‘Incarnate of the Virgin Mary’: Church prepares to celebrate Christmas

‘Incarnate of the Virgin Mary’: Church prepares to celebrate Christmas

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The season of Advent is in full swing, and the rhythm of our domestic churches hums with joy-filled anticipation of the Christ Child.

Mary and the Child Jesus are depicted in this painting "Madonna and Child" from the Robert Lehman Collection at the Metropolitan Museum of Art. The Christmas season begins with the Dec. 24 evening vigil commemorating the birth of Christ and ends with the feast of the Baptism of the Lord, Jan. 13. (CNS/Art Resource/Metropolitan Museum of Art)

Mary and the Child Jesus are depicted in this painting “Madonna and Child” from the Robert Lehman Collection at the Metropolitan Museum of Art. The Christmas season begins with the Dec. 24 evening vigil commemorating the birth of Christ and ends with the feast of the Baptism of the Lord, Jan. 13. (CNS/Art Resource/Metropolitan Museum of Art)

Advent is a time of spiritual preparation. It’s a time to center our hearts and minds so that we can enter fully into the celebration of Christmas, with its promise of eternal salvation.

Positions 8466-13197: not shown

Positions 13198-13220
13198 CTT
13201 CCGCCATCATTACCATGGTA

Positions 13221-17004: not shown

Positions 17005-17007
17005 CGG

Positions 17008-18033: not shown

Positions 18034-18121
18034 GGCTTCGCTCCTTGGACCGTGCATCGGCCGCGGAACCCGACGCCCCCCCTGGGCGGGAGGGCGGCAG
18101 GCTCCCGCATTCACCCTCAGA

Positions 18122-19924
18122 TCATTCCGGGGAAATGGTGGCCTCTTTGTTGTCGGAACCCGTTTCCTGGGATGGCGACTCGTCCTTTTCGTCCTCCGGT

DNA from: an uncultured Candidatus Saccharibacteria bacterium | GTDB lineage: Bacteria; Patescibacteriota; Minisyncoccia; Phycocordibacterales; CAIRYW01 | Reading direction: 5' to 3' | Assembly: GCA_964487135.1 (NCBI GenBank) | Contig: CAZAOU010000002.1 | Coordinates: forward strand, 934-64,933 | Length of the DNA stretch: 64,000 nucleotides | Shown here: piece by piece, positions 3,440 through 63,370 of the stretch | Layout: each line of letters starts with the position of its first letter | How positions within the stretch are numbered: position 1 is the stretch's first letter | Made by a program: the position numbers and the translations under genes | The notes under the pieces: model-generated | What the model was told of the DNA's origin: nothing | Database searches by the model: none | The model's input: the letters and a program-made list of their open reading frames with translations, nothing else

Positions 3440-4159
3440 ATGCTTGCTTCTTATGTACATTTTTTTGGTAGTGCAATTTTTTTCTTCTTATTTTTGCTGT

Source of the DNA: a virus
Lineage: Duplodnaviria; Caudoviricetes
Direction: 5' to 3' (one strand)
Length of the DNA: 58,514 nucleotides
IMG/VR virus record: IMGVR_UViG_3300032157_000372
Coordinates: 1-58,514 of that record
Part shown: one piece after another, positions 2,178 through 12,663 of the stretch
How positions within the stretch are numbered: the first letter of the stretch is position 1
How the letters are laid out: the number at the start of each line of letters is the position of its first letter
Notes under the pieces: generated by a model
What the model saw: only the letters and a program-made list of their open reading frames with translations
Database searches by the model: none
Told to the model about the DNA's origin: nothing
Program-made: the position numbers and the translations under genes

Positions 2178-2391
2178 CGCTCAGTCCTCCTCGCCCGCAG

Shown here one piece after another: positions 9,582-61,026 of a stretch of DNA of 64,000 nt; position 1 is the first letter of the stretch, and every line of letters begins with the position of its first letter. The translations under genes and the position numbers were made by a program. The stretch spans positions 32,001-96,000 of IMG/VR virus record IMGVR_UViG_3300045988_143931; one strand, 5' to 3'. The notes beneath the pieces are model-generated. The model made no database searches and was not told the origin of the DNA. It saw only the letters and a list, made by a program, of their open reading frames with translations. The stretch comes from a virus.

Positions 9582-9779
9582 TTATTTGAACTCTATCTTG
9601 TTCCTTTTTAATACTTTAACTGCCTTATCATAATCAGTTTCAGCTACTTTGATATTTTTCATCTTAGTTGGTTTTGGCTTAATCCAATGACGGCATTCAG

Our understanding of Christmas changes when we think of the birth of Christ in terms of the mystery of the Incarnation.

“These four weeks are meant to give us time to prepare for the mystery; the incredibly loving, awe-inspiring mystery that God so loved the world that He would give us His only begotten Son,” said Ryan Hanning, director of parish leadership support for the Diocese of Phoenix.

Advent challenges faithful Christians to think differently and act differently. Just as the exterior of our homes look different covered with strands of bright, twinkly lights and inflatable snowmen, so must the interior of our hearts look different.

Praying as families, reading the Sunday Gospels, blessing and lighting an Advent wreath and going to Mass are all ways that transform us from the inside out.